Maximising the spectrum efficiency of in-flight connectivity with cellular

In-flight connectivity is an increasingly significant priority for airlines around the world. Deployments of in-flight wireless networks, especially Wi-Fi, are accelerating. Indeed, the latest research from Inmarsat highlights that Wi-Fi is already well past the point of being a ‘nice to have’ for passengers. It’s not even simply expected as standard. It is demanded.

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Inmarsat’s 2017 In-flight Connectivity Survey, based on responses from over 9,000 airline passengers from across the globe, shows that 60% of passengers believe in-flight connectivity is “not a luxury, it is a necessity”.

The research also highlighted that this demand is creating clear commercial incentives for airlines to embrace on-board connectivity. According to Inmarsat’s report, 40% of passengers rank high-quality connectivity as one of their top three drivers of airline choice – alongside price and flight time slots. 44% of those surveyed said they would stop using their preferred airline if it offered poor quality in-flight connectivity.

It is clear that wireless connectivity is now a crucial strategic consideration for airlines.

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However, there is a limiting factor here. To date, ‘wireless connectivity’ is almost exclusively equated with Wi-Fi – and this is a far too restrictive perspective. The focus on Wi-Fi means airlines are potentially missing out not just on the prospect of even greater client satisfaction and loyalty, but also on substantial new commercial opportunities and revenue streams.

If airlines are to take advantage of these opportunities then, as with ground-based networks, cellular needs to be deployed in addition to Wi-Fi. Airlines simply cannot afford to exclude 3G and 4G connectivity from the equation.

Delivering the capacity to meet wireless connectivity demands

By 2035, the International Air Transport Association (IATA) expects the number of airline passengers to reach 7.2 billion – nearly twice as many as there were in 2016. And the capacity demand from each of those passengers will be rising at its own exponential rate It is safe to assume that the demand for high-quality wireless connectivity will only increase in parallel with the growth in customers. People aren’t going to tolerate less connectivity in future.

However, the fact that wireless is such a fundamental part of the slick in-flight experiences airlines need to offer in order to attract and retain customers presents a major challenge. This is because there are limits to how much of this load can be supported by Wi-Fi. Airlines will struggle to deliver the capacity they need at scale with Wi-Fi alone.

Wi-Fi – like any other radio technology – represents only a small slice of spectrum. So, even as satellite backhaul services continue to improve and increase capacity, in-flight Wi-Fi networks are fundamentally limited in how much bandwidth they can deliver, and the users they can support. If current trends continue, and increasing numbers of passengers engage in bandwidth hungry activities on flights – like streaming video – then Wi-Fi cannot be expected to fulfil passenger demand on its own.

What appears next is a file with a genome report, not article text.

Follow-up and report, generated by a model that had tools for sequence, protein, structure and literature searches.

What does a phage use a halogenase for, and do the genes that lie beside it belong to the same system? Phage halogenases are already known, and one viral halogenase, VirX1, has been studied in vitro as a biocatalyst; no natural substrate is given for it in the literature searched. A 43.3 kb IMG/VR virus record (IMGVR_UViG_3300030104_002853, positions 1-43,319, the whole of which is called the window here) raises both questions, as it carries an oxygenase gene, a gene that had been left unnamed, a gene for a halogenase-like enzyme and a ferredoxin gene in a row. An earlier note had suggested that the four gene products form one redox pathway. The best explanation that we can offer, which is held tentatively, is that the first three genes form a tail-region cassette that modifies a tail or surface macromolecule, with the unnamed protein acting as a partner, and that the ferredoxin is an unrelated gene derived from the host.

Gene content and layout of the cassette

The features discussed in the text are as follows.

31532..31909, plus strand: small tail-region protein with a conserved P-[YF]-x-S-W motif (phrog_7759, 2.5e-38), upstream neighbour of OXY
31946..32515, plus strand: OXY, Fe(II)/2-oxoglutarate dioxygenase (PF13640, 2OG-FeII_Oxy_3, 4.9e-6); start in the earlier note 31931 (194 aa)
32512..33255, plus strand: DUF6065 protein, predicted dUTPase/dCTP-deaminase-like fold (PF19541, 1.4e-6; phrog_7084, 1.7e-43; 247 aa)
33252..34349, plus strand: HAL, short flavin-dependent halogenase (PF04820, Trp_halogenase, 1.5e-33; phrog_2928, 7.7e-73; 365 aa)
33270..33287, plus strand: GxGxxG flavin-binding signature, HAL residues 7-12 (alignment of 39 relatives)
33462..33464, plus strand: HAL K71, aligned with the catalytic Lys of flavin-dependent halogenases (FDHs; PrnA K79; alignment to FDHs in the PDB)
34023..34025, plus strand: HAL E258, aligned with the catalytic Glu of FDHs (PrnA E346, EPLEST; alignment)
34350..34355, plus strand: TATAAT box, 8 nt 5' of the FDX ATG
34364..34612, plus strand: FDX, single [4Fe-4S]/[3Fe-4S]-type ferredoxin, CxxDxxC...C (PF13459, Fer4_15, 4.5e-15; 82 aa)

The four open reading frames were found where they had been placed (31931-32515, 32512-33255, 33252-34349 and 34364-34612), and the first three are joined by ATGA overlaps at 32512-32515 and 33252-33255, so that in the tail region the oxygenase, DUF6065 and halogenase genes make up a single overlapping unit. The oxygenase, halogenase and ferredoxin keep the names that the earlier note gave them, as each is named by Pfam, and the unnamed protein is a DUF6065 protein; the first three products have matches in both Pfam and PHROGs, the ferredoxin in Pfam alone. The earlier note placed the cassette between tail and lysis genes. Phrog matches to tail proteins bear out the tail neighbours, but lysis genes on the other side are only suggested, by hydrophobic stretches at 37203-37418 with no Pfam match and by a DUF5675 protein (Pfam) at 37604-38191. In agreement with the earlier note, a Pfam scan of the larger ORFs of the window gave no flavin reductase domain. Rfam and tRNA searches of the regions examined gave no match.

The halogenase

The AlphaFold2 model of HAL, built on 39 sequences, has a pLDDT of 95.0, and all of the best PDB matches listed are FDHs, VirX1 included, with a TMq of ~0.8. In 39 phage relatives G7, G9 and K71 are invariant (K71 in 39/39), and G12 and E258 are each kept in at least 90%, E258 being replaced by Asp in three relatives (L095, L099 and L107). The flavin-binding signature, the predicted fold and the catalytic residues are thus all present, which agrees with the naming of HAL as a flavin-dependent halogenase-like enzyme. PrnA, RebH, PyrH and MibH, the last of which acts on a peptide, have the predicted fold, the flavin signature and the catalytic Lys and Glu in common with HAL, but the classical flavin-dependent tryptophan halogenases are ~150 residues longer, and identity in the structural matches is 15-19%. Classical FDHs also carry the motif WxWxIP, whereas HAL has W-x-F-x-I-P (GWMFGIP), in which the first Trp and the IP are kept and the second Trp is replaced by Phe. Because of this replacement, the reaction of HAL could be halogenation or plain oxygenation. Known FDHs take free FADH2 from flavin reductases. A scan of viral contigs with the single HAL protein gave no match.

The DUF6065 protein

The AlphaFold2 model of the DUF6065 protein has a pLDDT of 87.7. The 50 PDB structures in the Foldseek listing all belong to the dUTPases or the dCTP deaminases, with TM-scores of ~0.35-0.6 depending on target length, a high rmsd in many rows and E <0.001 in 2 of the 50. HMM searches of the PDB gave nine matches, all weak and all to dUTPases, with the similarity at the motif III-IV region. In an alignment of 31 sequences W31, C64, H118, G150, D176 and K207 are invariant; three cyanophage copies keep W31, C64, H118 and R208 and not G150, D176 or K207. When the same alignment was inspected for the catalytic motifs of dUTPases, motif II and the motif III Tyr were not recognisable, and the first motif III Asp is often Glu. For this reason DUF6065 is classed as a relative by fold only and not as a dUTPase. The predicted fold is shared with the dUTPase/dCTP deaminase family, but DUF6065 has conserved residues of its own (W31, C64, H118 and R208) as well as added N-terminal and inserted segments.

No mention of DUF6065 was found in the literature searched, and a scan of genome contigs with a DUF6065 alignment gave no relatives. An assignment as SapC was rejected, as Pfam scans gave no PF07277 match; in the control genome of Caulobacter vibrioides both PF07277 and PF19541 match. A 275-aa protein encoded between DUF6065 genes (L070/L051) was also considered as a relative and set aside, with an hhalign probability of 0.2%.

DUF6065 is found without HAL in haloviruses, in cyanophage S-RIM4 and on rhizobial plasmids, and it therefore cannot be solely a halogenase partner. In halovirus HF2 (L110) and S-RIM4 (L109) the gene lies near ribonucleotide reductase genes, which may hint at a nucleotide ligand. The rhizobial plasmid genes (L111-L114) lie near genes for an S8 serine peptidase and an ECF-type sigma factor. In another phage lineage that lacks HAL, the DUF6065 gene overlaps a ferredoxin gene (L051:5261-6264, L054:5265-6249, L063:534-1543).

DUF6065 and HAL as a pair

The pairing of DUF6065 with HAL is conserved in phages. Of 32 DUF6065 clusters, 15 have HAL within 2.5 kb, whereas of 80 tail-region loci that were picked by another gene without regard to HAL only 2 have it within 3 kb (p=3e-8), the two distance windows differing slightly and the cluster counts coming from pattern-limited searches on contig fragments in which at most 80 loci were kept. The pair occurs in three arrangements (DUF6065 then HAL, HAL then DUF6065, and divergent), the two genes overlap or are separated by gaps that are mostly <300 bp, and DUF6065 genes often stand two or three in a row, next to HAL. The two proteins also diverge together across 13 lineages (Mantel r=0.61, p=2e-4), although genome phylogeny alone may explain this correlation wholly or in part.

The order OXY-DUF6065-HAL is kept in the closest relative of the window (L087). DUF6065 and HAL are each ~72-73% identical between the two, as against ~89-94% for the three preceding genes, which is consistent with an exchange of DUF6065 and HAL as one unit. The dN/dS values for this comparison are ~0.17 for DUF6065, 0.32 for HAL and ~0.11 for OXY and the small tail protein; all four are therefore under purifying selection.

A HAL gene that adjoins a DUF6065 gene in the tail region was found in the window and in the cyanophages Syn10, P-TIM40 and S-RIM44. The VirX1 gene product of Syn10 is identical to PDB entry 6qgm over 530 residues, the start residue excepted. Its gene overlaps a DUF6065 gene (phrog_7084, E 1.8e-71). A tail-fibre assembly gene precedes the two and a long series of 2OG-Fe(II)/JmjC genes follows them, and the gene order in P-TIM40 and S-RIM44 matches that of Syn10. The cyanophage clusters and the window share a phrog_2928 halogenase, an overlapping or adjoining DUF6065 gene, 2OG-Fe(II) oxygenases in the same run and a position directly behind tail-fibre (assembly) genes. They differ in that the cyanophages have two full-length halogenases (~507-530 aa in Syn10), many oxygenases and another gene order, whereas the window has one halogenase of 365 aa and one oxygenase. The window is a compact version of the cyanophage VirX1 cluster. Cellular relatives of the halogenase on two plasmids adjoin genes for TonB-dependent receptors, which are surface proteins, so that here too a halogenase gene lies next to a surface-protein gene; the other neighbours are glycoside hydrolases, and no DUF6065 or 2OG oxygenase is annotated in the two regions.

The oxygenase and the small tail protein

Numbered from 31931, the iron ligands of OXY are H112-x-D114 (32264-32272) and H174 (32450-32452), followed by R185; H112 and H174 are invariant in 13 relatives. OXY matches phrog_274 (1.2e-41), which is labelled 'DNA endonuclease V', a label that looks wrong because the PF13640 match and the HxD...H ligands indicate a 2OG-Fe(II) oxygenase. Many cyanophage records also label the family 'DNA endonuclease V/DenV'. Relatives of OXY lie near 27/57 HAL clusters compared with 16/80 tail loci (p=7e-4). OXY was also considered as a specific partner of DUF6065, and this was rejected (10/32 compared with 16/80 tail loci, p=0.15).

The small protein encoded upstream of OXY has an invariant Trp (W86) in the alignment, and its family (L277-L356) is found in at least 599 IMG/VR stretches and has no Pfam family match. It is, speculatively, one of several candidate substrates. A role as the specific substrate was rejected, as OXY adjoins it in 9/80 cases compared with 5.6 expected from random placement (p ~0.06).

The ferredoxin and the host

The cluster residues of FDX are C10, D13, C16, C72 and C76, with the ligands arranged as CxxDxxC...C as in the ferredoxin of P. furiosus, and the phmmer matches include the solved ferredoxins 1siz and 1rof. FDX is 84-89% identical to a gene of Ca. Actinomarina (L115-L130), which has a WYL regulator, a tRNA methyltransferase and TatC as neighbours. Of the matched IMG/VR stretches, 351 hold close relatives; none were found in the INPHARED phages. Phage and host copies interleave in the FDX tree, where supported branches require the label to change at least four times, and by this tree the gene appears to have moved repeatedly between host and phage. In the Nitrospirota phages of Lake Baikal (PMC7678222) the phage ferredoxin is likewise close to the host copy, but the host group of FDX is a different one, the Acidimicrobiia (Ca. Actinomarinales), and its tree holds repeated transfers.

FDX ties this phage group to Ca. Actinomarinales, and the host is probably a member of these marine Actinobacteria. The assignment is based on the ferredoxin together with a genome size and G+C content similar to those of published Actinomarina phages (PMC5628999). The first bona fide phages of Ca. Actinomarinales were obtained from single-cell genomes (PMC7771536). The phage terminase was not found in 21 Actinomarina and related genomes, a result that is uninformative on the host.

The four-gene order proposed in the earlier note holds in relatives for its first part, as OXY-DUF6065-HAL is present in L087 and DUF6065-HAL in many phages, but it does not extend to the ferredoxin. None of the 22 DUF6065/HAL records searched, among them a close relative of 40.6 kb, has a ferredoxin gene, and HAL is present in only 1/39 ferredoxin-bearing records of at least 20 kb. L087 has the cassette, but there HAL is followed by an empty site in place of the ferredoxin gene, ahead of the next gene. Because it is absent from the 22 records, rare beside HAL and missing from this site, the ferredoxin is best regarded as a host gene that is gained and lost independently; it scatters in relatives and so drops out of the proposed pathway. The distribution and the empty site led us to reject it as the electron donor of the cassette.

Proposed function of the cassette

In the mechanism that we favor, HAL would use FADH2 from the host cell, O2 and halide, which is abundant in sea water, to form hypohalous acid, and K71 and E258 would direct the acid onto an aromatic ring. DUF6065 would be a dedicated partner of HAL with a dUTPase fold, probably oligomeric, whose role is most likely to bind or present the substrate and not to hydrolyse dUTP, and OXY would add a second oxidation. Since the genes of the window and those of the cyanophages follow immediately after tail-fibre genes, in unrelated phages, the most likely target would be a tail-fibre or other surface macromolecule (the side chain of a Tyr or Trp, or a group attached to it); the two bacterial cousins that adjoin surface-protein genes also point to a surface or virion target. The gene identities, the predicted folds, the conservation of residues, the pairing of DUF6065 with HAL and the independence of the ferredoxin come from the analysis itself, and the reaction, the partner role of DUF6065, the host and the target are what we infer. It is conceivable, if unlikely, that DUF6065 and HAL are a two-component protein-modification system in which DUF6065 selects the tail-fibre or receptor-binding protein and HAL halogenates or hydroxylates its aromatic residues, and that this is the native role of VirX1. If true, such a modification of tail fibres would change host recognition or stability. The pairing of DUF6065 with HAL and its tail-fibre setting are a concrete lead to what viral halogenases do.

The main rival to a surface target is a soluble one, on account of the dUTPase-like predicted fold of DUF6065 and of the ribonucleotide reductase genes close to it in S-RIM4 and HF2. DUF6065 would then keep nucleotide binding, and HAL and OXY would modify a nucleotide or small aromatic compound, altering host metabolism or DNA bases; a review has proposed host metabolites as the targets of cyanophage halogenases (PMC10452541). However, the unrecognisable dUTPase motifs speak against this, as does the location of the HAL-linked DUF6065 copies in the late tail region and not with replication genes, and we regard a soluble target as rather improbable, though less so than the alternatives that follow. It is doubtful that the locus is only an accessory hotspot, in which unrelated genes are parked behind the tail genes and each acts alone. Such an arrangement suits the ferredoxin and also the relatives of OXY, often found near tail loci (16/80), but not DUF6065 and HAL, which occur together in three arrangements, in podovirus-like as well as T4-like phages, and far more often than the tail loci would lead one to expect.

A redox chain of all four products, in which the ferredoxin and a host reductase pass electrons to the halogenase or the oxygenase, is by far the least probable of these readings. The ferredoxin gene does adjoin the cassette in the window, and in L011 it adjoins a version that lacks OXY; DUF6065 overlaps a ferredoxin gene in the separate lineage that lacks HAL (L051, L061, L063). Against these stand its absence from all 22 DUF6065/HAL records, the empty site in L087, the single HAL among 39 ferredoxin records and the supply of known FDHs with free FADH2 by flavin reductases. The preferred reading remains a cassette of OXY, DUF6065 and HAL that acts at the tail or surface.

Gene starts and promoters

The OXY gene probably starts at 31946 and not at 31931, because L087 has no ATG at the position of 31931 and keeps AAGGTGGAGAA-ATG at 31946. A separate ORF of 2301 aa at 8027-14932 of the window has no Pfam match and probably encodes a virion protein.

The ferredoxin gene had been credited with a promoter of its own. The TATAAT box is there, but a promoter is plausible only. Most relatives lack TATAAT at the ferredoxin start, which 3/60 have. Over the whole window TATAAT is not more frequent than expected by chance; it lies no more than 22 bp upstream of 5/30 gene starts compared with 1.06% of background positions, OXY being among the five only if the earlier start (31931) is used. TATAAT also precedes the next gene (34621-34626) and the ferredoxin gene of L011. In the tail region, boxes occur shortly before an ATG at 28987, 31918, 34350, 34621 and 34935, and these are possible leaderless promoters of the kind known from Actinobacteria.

Instead, if airlines are to deliver the in-flight capacity to meet demand, the experience of ground-based networks says that it is necessary to light up as much spectrum as possible.

By providing 3G and 4G connectivity in-flight, airlines can radically increase the capacity of their wireless networks. In a reversal of how ground networks were deployed, it effectively means airlines can ‘offload’ users onto cellular – making it far more realistic to support the number of passengers that want to use their wireless devices on-board, regardless of their bandwidth requirements.

It is not an either/or question. Wi-Fi and cellular are complementary, and providing both technologies is essential if airlines are to meet current and future connectivity demands.

Boosting customer satisfaction

As well as delivering capacity, cellular also brings with it a number of other advantages that can help airlines boost customer satisfaction with in-flight connectivity. Primarily, these benefits centre on increasing choice for users. With both Wi-Fi and cellular available, passengers can choose to connect how they prefer.

For some users, it will be about the ease of use of cellular versus Wi-Fi. With a 3G/4G connection users don’t have to fiddle with sign-in forms or turn anything on or off. Their phones will just connect as they do when on the ground.

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For customers that have signed up to a large data bundle, this might be even more desirable. These subscribers may prefer to use their mobile data bundle, even when Wi-Fi is available, due to ease of getting connected to the Internet. And the ruling by the European Union to remove roaming charges will make it even more attractive to use in‑flight cellular services by removing the fear of excessive fees.